Explore Econ: NRA

“Lobbyists have more offices in Washington than the President. You see, the President only tells Congress what they should do. Lobbyists tell’em what they will do.” The National Rifle Association established in 1871 is one of the most powerful lobby groups there is in our present time. As its name implies, it’s an association that aims on keeping guns and all fire arms legal in the United States. The NRA had just manipulated people in power to preserve gun rights and increase arms market share in the US economy. We will see how this group managed to impact the economy and its agents without lifting a finger as it relied solely on power and funding to do so.


The NRA managed to be omnipresent in political decisions through congress members and people in power in the white house. They play a huge role in electing the people in charge and influencing their decisions.


Through the course of the 20th and the current century, the NRA campaigned fiercely against democrats and supported republicans to the last breath; the past presidential elections are living examples. In the following graph this claim is evident. For example, almost $20 million US dollars were spent in opposition to Hillary Clinton.


Unfortunately, the civilians are the ones bearing the costs of this increase in guns’ market power. Incidents became more and more likely to occur and massive shootings had multiplied during the years. According to the NSSF, the guns market boosted the economy by $49.3bn hence generating $6.2bn in taxes for the government to profit of by 2016. Moreover, Statista estimated an induced economic impact of $15.5bn generating from the guns industry in the US in 2017.


One might wonder, what does the NRA have to do with the economy and in that case who would the economic agents be, which is pretty reasonable. Simply, the funded politicians and the members of the NRA are themselves the dominant economic agents as they are the ones advocating gun rights and supporting guns industries through funding. The public easily persuaded by their representatives would be convinced that guns do protect them and are a natural right of theirs. Gradually, the market equilibrium would shift right with demand increasing. With the number of guns sold, one cannot deny the impact of this lobby group on the economy as a whole. These revenues do enrich the economy and place the republicans in the position of power. At this point any policy to be made for gun control would be extremely tough following the unwillingness of people to give up their sacred right so strongly protected by the second amendment.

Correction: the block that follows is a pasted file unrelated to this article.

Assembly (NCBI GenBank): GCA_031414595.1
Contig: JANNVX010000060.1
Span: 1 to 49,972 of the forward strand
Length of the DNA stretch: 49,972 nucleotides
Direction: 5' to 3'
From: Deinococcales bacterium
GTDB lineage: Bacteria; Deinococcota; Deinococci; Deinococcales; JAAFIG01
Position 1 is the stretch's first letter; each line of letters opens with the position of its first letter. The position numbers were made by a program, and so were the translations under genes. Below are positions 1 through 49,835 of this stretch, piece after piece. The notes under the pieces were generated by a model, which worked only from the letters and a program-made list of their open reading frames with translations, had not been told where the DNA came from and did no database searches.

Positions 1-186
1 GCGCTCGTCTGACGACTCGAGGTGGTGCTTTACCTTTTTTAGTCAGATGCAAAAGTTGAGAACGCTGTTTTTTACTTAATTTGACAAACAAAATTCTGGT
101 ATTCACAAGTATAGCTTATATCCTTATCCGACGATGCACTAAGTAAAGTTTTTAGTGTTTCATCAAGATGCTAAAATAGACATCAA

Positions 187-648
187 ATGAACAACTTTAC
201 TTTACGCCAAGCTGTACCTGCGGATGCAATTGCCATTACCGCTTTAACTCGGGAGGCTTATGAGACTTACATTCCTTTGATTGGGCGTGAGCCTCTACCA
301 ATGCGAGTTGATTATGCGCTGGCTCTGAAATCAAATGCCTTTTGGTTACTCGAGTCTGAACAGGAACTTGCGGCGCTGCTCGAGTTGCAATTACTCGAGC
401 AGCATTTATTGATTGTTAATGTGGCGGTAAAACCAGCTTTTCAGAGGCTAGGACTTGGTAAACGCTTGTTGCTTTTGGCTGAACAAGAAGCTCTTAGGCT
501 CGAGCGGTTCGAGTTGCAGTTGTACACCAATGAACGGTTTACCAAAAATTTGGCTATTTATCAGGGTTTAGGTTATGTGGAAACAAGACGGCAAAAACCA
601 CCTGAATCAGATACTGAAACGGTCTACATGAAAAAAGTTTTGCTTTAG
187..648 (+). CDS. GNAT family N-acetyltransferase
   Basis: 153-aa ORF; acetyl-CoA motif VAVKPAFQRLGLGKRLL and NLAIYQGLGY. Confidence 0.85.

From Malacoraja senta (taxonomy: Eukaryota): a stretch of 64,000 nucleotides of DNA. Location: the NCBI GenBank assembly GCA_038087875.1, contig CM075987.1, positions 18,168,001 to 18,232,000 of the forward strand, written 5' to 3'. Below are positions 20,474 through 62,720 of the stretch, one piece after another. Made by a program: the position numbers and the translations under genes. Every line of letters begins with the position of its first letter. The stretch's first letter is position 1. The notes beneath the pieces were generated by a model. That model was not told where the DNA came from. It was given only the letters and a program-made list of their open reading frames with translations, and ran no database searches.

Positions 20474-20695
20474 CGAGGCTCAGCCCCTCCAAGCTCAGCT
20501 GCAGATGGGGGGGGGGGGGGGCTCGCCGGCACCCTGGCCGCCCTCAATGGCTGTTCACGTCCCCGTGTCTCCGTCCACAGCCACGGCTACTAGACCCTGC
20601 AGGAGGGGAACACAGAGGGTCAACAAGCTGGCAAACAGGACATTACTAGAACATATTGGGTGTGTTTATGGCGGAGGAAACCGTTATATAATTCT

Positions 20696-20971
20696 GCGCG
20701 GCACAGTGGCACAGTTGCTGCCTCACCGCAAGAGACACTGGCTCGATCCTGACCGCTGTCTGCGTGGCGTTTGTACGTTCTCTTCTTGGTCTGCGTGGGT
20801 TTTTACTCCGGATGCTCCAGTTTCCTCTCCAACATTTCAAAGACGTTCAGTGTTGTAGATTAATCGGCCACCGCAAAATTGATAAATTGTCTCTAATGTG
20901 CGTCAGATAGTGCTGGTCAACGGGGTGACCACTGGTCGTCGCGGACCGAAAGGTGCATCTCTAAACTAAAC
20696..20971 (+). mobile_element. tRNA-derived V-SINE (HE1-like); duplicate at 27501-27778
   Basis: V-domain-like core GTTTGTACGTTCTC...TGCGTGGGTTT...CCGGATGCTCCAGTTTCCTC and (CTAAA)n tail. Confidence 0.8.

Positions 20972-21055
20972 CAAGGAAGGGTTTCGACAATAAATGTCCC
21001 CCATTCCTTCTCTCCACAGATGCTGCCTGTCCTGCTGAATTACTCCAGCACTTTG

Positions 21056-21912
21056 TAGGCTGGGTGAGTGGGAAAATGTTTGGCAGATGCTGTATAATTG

In addition, the money that the NRA spends lobbying is by itself shockingly immense. Through the last few years, the association had spent roughly $10m to maintain the gun policy not to mention the extra amount it spent in order to support the politicians that agree on what it stands for.

To put it in a nutshell, the NRA has affected the economy through its contagious support of the use of weapons by civilians in the US; however more data showing the correlation between the number of guns sold and the NRA is needed to affirm that it is strongly affecting the arms market and the American economy.


Christel Najm



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